After the 2014 Vermont legislative session, Rep. George Till was picking himself up, dusting himself off and reflecting on what he called an “ALE…..or Adverse Legislative Experience” when his ambitious legislative vision fizzled into a tiny bubble of hope to create a trauma-informed state. That bubble was enough to inspire ACEs-related legislation — No. 43, H. 508, signed by Republican Gov. Phil Scott on May 22 — and policymakers are scheduled to start implementing the law next month. While the law calls for incremental steps, the long-term impact could be substantial.
When I spoke to Rep. Theresa Wood, a member of the House Committee on Human Services, soon after the bill passed in late May, she said Till, a physician, deserves the credit for educating legislators about ACEs. Even just a year ago, she said, “a few legislators on the inside track knew about ACEs, now almost all of us do. It takes time to educate but it is well worth it. The unanimous votes in the House and Senate reflect the value of that work.”
Matt Levin, executive director of the Vermont Early Childhood Alliance, said thanks to Till, ACEs awareness in the Vermont legislature is very high—he was a “one-man band” for years on ACEs in the legislature.
Till has introduced several ACE-related bills over the years and favored the stronger Senate version of the bill authored by Virginia “Ginny” Lyons, vice chair of the Committee on Health and Welfare. This legislation would have established a large and diverse Children and Families Trauma Committee within the Agency of Human Services to examine approaches to family wellness, training for school nurses and increase incentives for voluntary screening in health plans that are part of the Blueprint for Health that covers most Vermonters.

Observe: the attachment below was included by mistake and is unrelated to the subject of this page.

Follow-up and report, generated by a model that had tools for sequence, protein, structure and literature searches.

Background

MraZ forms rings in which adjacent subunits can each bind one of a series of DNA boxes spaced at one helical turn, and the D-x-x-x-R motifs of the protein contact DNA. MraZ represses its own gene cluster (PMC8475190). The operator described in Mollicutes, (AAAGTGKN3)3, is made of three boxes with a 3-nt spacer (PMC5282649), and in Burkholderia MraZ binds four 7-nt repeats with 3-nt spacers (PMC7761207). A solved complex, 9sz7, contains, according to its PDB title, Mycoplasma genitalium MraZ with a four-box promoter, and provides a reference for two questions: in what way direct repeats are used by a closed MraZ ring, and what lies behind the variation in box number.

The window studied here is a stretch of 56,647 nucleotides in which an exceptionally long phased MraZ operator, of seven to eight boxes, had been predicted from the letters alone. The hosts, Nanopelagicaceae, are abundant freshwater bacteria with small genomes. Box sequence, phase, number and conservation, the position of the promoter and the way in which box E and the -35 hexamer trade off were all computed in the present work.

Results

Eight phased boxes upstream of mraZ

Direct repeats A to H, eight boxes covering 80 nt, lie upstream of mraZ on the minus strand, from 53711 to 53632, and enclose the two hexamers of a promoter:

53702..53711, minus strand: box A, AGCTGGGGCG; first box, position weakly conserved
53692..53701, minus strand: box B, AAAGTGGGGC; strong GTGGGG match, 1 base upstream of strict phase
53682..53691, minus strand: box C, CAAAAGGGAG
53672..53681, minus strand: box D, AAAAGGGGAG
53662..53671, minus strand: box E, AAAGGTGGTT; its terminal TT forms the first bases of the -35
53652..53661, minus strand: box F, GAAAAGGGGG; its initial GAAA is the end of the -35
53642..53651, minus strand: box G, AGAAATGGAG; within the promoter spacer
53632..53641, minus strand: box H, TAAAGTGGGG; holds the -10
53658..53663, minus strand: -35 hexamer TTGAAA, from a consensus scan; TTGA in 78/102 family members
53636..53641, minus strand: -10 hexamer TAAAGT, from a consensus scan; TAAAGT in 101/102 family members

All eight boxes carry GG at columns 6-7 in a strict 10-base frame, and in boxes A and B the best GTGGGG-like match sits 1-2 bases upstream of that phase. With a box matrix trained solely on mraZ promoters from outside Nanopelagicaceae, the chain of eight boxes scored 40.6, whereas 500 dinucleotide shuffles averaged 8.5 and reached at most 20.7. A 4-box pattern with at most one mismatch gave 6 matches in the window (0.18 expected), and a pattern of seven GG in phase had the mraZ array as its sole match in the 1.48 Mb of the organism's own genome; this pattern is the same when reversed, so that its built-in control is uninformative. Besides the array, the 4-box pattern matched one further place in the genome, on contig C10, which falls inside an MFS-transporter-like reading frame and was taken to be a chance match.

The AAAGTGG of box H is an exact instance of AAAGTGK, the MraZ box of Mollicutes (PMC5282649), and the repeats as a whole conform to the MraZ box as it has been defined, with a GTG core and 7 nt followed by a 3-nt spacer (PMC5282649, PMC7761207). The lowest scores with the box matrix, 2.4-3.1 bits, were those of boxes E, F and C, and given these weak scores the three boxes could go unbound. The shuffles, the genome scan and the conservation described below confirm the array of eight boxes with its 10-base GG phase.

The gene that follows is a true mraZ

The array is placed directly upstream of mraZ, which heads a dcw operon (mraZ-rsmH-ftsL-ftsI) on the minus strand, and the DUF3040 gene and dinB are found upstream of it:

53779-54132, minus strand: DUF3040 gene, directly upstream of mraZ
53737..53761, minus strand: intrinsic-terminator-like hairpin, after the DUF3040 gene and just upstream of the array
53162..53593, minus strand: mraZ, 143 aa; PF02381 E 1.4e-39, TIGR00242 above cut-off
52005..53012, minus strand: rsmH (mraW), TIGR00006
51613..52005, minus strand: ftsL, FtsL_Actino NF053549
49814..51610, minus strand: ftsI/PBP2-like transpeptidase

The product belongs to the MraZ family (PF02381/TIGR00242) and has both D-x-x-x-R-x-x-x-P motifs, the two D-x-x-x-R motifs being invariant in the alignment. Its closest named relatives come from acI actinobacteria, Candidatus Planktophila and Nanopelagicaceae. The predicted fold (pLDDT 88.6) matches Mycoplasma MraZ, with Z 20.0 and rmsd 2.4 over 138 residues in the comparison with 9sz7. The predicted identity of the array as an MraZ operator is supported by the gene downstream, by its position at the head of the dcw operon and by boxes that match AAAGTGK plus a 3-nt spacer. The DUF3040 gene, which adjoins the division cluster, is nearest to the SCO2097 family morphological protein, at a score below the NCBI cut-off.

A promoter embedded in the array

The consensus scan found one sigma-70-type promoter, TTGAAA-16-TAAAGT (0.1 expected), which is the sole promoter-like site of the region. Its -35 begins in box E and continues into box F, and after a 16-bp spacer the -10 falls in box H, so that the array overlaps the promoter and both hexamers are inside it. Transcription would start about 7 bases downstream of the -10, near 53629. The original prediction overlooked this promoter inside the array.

Lyons is one of several legislators from the House and Sentate that have been named to the Adverse Childhood Experiences Working Group established in the law that also requires the group to meet on or before September 1. The group’s charge is “to meet to analyze existing resources related to building resilience in early childhood and propose appropriate structures for the most evidence-based or evidence-informed and cost-effective approaches to serve children experiencing trauma…”
According to Wood, the conservative approach taken in the bill was the result of a number of factors—the need to know what state programs are already in place that could be more effective if coordinated with other existing programs, the importance of seeing the full landscape of programs and filling in gaps (e.g., home visiting is available for first-born but not second children), being on solid ground before taking on a new program (e.g., what’s the evidence on universal screening in doctors’ offices), and consideration for the wise use of taxpayer dollars by focusing on results, not just “more and more” for kids. The bottom line, according to Wood, is for the state to make “strategic investments in resources in the right places, to achieve the best result.”